Country artist overcomes career-threatening hand injury

Jimmy Weber

When country music artist Jimmy Weber severed two tendons in his hand, he knew his career was at risk. However, through determination and the support of a dedicated care team, he is on a remarkable journey to recovery. 

The injury

In October 2023, Weber broke a ceramic plate while washing dishes and sliced two fingers on his left hand. He applied compression to the cut, which he thought was just superficial.

“At first, I didn’t realize how badly I’d been injured,” Weber says. “It just kept bleeding, so we went to the emergency room, and I realized it was more serious than we had thought.”

To his dismay, Weber discovered he had severed the tendons in the ring and middle fingers of his left hand – the fingers he uses to press the strings on his guitar’s fretboard.

A lifelong musician

Weber has played guitar since childhood and toured with the Air Force Band during his 24-year military career. A successful solo singer-songwriter, he has also sung backup vocals and played lead guitar for artists like John Denver and Wayne Newton. 

Through the years, he’s met other artists with tendon injuries and seen their guitar-playing abilities suffer. 

“Most times, when people have an injury like this, they splint it up and have stiff fingers that aren’t mobile for the rest of their lives,” he says.

With the stakes high, Weber chose Nebraska Medicine for his hand surgery. In 2019, Nebraska Medicine providers helped him survive a “widow maker” heart attack.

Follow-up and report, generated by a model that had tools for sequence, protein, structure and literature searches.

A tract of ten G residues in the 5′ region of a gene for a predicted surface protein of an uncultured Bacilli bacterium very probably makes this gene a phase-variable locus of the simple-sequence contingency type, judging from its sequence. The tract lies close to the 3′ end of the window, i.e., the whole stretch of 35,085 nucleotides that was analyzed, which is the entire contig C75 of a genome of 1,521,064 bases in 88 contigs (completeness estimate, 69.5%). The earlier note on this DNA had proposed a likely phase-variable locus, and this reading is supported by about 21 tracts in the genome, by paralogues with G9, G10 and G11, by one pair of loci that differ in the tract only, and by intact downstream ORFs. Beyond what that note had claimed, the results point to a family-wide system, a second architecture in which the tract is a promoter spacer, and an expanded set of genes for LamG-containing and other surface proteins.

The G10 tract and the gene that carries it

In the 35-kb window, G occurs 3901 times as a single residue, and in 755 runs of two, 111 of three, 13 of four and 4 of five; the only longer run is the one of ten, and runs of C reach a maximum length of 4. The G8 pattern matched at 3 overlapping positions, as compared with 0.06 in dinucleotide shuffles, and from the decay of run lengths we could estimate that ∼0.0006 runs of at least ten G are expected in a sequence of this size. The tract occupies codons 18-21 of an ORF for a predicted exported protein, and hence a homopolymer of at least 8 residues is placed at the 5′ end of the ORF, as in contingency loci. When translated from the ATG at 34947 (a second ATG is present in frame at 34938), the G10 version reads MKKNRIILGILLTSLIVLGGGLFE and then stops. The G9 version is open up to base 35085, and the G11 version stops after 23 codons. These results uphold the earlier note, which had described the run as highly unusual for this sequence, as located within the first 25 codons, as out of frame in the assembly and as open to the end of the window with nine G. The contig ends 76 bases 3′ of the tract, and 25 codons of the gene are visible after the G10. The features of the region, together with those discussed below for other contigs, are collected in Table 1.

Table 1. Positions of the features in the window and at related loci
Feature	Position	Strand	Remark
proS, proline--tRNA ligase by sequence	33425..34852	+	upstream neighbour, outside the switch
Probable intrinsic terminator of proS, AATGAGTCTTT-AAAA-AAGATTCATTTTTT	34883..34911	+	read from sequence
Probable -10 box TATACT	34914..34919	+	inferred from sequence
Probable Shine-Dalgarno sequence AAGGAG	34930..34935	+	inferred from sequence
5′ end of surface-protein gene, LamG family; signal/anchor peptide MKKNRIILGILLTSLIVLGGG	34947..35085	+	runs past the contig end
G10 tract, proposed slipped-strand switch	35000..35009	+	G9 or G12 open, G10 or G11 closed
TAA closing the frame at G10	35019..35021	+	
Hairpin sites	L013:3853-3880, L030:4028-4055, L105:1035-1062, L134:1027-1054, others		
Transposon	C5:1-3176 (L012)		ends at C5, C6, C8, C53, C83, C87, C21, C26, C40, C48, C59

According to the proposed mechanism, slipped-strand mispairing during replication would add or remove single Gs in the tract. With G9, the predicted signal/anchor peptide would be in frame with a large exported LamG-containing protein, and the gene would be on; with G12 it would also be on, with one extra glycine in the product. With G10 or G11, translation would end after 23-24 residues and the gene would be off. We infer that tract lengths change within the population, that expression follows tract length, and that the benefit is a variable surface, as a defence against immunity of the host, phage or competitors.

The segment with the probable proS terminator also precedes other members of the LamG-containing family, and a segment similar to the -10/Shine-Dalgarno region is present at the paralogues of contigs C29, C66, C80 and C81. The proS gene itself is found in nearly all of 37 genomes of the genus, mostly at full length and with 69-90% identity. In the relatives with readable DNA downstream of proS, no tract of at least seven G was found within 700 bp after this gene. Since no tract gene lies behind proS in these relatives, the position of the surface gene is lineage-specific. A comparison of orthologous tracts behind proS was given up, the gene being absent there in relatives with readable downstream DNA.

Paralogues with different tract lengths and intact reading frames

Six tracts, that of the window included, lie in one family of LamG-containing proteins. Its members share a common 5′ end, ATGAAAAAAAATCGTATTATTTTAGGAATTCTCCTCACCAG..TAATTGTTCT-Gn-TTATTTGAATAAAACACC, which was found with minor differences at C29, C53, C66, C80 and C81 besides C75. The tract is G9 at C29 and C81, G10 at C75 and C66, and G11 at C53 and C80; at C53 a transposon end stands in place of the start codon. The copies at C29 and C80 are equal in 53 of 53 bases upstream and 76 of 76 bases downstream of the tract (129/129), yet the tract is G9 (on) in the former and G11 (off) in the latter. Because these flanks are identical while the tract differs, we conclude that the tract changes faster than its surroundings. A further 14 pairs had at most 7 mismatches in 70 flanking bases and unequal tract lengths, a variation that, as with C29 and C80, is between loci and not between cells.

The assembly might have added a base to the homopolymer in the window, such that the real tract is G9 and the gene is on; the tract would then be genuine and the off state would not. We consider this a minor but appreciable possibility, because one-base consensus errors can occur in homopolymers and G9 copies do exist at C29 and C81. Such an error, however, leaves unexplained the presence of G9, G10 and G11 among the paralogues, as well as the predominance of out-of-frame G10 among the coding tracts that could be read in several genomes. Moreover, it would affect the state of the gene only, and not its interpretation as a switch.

“I was referred to another place, which I’m sure was a good hospital, but I said, ‘No, I’m going with Nebraska Medicine. These are my people.’”

Surgery and recovery

As a guitarist, Weber needed full range of motion in his fingers with no stiffness post-surgery. Plastic surgeon James Willcockson, MD, considered these factors when devising a treatment plan.

“Almost like a professional athlete, we decided to intervene sooner to give him the best shot at achieving full function,” he says. “The tendon repairs were robust enough that I felt we could get him into therapy early and start moving his fingers to prevent stiffness from setting in.”

After surgery, Weber worked with a physical therapist and on his own, doing the thing he does best.

“One thing that really helped my recovery, in addition to physical therapy, was actually playing guitar,” he says. “As soon as I could bear the pain, I went back to playing.”

Dr. Willcockson says most of Weber’s progress can be attributed to his dedication to recovery.

“He was diligent about his therapy at home and post-op limitations,” he says. “His guitar playing was excellent hand therapy that led to a great outcome.”

‘The heartbeat of my life’

Weber regained full range of motion just weeks after his surgery and quickly returned to performing. His care team was astounded by his rapid recovery.

I knew we would do everything we could to get him back to playing guitar at the level he was used to, but I was surprised how quickly he got his range of motion back,” Dr. Willcockson says. “I think using guitar as therapy and a goal worked wonders.”

Despite the challenges, Weber is committed to pursuing his passion. Alongside his ongoing national tours, he hopes to travel again globally to bring the gift of music to those serving their country.

“The greatest days of my life have been playing for service members overseas,” he says. “I love to try to uplift audiences, especially a military audience. The heartbeat of my life is playing music.”

To schedule an appointment with our hand and wrist clinic, call 800.922.0000.